Health Care Funding in Botswana

Health Care Funding in Botswana

Botswana Medical Aid Society (Bomaid) hosted a Media Seminar ‘Healthcare Funding in Botswana’ in Gaborone on the 16th May 2018. The seminar was aimed to engage the media in order to share the dynamics of the medical aid industry. Bomaid played host to an array of experts and stakeholders in order to allow discourse around the issues of health care funding. The main objective of the seminar was to empower media practioners to report with an understanding of issues pertaining to medical aid industry.

“This was an appropriate moment to bring together the media, the medical aid industry and other stakeholders to have a greater appreciation of the myriad of issues affecting the business of a medical aid fund.  From the simple perspective of benefit management to the complex matter of adhering to the emerging regulation requirements, it is clear that there are a number of considerations that one needs to be aware of. It is our hope that by engaging like this, we will forge an understanding on which the media as stakeholders can relate to when dealing with heath funding,” said the Bomaid Chief Executive Officer Mr. Moraki Mokgosana.

Dr Rajesh Patel, from Board of Healthcare Funders of Southern Africa, keynote was on National Health Insurance & Medical Fund Regulatory Framework. As part of his deliberation, he spoke about the philosophy behind the need for a national health insurance, noting that “Universal health coverage is a social philosophy trying to equal the accessibility to health services through the National Health Insurance as the funding vehicle”. Dr Patel also explained that, as a consequence of the provision of a funding vehicle such as national health insurance, there are bound to be implications for the medical aid industry to consider in their future in terms of their business model.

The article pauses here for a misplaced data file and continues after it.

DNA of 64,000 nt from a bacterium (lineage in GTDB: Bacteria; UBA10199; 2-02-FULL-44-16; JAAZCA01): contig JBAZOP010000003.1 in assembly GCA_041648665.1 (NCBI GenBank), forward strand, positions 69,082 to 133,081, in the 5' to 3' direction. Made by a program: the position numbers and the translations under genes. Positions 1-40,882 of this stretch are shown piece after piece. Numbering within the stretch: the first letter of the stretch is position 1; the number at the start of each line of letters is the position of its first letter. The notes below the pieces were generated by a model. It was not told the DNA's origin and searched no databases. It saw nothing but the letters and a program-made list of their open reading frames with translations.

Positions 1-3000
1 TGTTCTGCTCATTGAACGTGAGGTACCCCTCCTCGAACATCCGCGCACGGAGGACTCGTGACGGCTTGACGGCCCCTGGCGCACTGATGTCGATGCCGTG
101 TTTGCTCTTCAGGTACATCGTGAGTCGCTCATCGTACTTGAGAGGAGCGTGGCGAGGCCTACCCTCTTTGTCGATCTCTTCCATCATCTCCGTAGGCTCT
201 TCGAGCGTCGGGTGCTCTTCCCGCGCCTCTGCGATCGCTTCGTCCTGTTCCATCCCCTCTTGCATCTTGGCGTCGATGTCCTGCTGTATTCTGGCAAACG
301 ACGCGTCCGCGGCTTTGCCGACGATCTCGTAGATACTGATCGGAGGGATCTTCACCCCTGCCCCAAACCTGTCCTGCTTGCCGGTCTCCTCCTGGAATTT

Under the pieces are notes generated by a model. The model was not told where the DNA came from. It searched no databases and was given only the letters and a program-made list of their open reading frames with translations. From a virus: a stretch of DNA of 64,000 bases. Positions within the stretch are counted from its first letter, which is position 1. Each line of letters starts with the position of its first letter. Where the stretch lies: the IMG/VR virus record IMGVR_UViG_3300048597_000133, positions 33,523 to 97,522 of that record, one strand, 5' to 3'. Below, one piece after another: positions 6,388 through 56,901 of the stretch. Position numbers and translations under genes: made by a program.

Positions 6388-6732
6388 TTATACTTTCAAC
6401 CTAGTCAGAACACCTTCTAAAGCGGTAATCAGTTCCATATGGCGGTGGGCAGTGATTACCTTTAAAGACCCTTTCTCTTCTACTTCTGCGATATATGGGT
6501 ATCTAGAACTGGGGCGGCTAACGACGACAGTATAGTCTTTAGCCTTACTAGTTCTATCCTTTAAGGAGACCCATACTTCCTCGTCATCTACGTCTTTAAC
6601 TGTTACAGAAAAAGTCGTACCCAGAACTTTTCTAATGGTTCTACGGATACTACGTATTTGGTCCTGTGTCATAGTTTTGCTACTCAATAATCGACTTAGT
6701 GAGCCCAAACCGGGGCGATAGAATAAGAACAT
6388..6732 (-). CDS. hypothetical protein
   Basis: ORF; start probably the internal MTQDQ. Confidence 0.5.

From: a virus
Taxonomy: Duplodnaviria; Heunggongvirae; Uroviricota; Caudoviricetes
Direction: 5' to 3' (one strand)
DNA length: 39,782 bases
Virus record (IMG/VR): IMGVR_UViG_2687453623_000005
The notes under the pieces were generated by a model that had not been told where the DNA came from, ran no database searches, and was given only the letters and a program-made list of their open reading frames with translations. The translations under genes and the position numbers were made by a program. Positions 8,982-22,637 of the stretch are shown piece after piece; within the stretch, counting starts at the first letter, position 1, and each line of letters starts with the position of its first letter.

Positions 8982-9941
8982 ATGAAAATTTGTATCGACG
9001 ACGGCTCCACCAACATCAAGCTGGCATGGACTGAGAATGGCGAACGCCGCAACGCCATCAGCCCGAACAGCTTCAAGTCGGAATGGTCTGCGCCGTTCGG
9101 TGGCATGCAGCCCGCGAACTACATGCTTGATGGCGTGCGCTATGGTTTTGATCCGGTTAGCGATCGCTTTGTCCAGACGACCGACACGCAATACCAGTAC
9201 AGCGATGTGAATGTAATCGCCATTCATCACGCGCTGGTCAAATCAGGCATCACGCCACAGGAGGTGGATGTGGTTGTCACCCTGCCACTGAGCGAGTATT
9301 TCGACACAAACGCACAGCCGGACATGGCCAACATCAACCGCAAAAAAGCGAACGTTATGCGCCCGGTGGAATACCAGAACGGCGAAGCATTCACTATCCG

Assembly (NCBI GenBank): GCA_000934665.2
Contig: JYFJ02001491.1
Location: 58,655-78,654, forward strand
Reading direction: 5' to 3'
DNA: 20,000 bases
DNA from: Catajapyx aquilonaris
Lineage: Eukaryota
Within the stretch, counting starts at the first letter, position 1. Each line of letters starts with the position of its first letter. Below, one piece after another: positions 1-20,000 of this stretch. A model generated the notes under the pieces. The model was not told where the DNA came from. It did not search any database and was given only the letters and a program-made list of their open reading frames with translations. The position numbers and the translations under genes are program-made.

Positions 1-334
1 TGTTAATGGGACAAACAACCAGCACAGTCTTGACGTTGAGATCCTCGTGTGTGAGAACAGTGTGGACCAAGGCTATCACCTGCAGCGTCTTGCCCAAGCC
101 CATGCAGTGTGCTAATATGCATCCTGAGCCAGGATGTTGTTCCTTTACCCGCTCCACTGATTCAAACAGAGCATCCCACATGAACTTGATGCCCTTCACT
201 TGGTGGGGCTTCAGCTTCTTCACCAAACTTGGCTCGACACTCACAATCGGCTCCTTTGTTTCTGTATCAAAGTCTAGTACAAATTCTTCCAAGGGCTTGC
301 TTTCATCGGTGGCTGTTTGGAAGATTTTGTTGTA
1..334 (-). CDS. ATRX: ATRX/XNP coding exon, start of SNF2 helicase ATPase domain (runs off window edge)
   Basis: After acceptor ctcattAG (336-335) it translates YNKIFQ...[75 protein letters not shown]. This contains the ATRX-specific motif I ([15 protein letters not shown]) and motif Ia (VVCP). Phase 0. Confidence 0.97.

Bomaid also took the opportunity to launch ‘The Bomaid Fraud and Ethics Tip-Off line’ powered by Deloitte Tip-Offs Anonymous. The Tip Off line is in line with best practices to encourage the reporting of unethical behavior. Brian Watts from Deloitte highlighted that a widely held view is that about 7% to 15% of most medical aid expenditure could be a result of fraudulent activities by members or providers. He added that, this in turn, results in increases in monthly premium for members of medical aid. The Tip-Off line creates a platform where the public can raise concerns related to fraud, corruption or any other misconduct by Bomaid employees, business partners or any other third party dealing with the Society.

Bomaid remains the largest open medical aid fund in Botswana commanding 51% market share, with about 39,000 principal members and 85,000 total lives. The fund serves corporate and individual members with the most innovative and diverse products which are highly competitive and affordable to a wide spectrum of current and potential clientele.

Bomaid continues to enjoy steady growth of its membership base and places emphasis on going beyond being a health funder to being a health partner living up to its proposition of being ‘Your Companion for Healthier Happier Lives’.



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